IP Australia unveils patent discussion web site

 

Draws upon the wider community for patent approval process.

IP Australia has launched a web site that will allow Australians to comment on pending patent applications.

IP Australia and the Queensland University of Technology (QUT) are trialling a patent examination process that uses Web 2.0 processes in an attempt to "improve the quality of issued patents".

Announcing the trial, Richard Marles, the Federal parliamentary secretary for innovation and industry, said the opt-in Peer-to-Patent (P2P) web site would help assess whether a particular invention was eligible for a patent.

The trial will look specifically at gathering community input into business method patents; a class of patents which disclose and claim new methods of doing business.

"This twelve month Peer-to-Patent trial shows how receptive the Australian Government is to innovation and extracting the benefits of Web 2.0," Marles said.

"It makes good sense to use technology to add a layer of checks and balances in our intellectual property system so it can meet the challenges of the future."

Spokesman for IP Australia, Peter Willimott, explained how the web site would work.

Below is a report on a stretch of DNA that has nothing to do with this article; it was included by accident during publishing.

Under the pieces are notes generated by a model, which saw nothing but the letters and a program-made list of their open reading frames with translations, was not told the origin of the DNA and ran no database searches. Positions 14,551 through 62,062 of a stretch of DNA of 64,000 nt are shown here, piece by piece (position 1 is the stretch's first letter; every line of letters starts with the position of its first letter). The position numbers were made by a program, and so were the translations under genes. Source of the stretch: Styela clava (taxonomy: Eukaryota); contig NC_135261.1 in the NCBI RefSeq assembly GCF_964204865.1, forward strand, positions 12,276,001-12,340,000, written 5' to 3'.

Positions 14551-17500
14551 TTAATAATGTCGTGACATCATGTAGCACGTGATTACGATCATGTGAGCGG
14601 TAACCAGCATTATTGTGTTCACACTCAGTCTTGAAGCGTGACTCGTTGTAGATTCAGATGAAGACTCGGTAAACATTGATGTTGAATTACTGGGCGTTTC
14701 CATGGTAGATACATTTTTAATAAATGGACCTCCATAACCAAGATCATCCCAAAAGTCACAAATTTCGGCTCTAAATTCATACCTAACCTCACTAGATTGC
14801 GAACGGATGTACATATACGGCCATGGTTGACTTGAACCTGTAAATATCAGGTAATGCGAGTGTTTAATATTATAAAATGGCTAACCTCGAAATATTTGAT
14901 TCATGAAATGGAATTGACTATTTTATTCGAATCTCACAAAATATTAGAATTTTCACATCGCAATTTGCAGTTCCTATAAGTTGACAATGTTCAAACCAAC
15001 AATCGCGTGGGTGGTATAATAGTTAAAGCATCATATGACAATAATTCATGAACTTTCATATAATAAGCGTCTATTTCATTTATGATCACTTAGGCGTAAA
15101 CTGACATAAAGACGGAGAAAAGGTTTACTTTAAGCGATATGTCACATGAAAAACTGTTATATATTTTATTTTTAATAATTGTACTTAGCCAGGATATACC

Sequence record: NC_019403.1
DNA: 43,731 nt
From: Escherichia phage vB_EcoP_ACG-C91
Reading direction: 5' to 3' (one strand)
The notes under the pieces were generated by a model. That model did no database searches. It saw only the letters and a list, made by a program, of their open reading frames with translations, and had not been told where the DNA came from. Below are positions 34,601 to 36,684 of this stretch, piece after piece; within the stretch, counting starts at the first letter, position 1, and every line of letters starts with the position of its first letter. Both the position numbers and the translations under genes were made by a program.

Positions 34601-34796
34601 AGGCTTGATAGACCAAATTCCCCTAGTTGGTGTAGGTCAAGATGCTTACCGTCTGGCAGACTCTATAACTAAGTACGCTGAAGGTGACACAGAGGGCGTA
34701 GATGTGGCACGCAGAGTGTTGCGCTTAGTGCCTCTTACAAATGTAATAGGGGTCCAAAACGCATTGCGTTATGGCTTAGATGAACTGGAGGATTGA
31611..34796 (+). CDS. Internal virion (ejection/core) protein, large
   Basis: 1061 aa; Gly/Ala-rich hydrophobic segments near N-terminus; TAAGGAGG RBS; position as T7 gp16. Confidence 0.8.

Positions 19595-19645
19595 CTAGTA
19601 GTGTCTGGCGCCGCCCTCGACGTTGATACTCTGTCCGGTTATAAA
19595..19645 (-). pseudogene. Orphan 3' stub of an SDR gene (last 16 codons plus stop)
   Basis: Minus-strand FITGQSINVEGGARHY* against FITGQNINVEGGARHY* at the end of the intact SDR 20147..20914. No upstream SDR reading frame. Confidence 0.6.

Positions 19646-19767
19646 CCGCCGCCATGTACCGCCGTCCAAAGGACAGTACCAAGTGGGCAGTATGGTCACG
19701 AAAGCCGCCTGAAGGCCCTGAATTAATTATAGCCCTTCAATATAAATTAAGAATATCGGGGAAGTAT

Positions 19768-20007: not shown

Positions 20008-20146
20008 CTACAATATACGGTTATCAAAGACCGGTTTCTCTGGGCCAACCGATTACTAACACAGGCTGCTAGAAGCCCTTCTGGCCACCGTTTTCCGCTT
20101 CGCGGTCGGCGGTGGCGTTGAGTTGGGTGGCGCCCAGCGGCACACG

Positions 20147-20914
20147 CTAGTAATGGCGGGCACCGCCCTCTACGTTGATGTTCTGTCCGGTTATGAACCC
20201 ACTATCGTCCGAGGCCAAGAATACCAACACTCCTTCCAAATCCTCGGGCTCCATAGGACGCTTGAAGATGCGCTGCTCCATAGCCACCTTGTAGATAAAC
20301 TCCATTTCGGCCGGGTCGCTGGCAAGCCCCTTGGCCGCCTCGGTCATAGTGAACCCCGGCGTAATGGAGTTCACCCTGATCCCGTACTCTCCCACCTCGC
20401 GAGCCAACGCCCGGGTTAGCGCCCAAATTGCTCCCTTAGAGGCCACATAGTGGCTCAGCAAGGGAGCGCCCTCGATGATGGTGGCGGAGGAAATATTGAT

"The new initiative cuts in at that examination process," Willimott said.

"So someone has applied for a business patent for a business method ... and if they say they're happy for it to go on the Peer-to-Patent web site it gets published ... where a community of experts can then comment on it."

He said that when IP Australia's patent examiner came to examining the patent application they could look at the comments made on the web site and use it for their research in determining whether a patent was eligible.

"It's designed to improve the patent application process and then at the end of the day gives someone a stronger patent right," Willimott said.

"We want to ... see what sort of information is drawn out for putting it up for community comment."


IP Australia unveils patent discussion web site
 
 
 
Top Stories
Optus admits to three big data breaches
More than 300,000 customers affected.
 
Is your lawyer smarter than IBM's Watson?
Sparke Helmore CIO Peter Campbell expects machine learning to take a chunk out of law firm profits. But he’s far from downcast.
 
Australia passes data retention into law
Mammoth last-ditch effort by Greens, indies knocked back.
 
 
Sign up to receive iTnews email bulletins
   FOLLOW US...
Latest Comments
Polls
Do you support the Government's data retention scheme?

   |   View results
Yes
  9%
 
No
  91%
TOTAL VOTES: 1467

Vote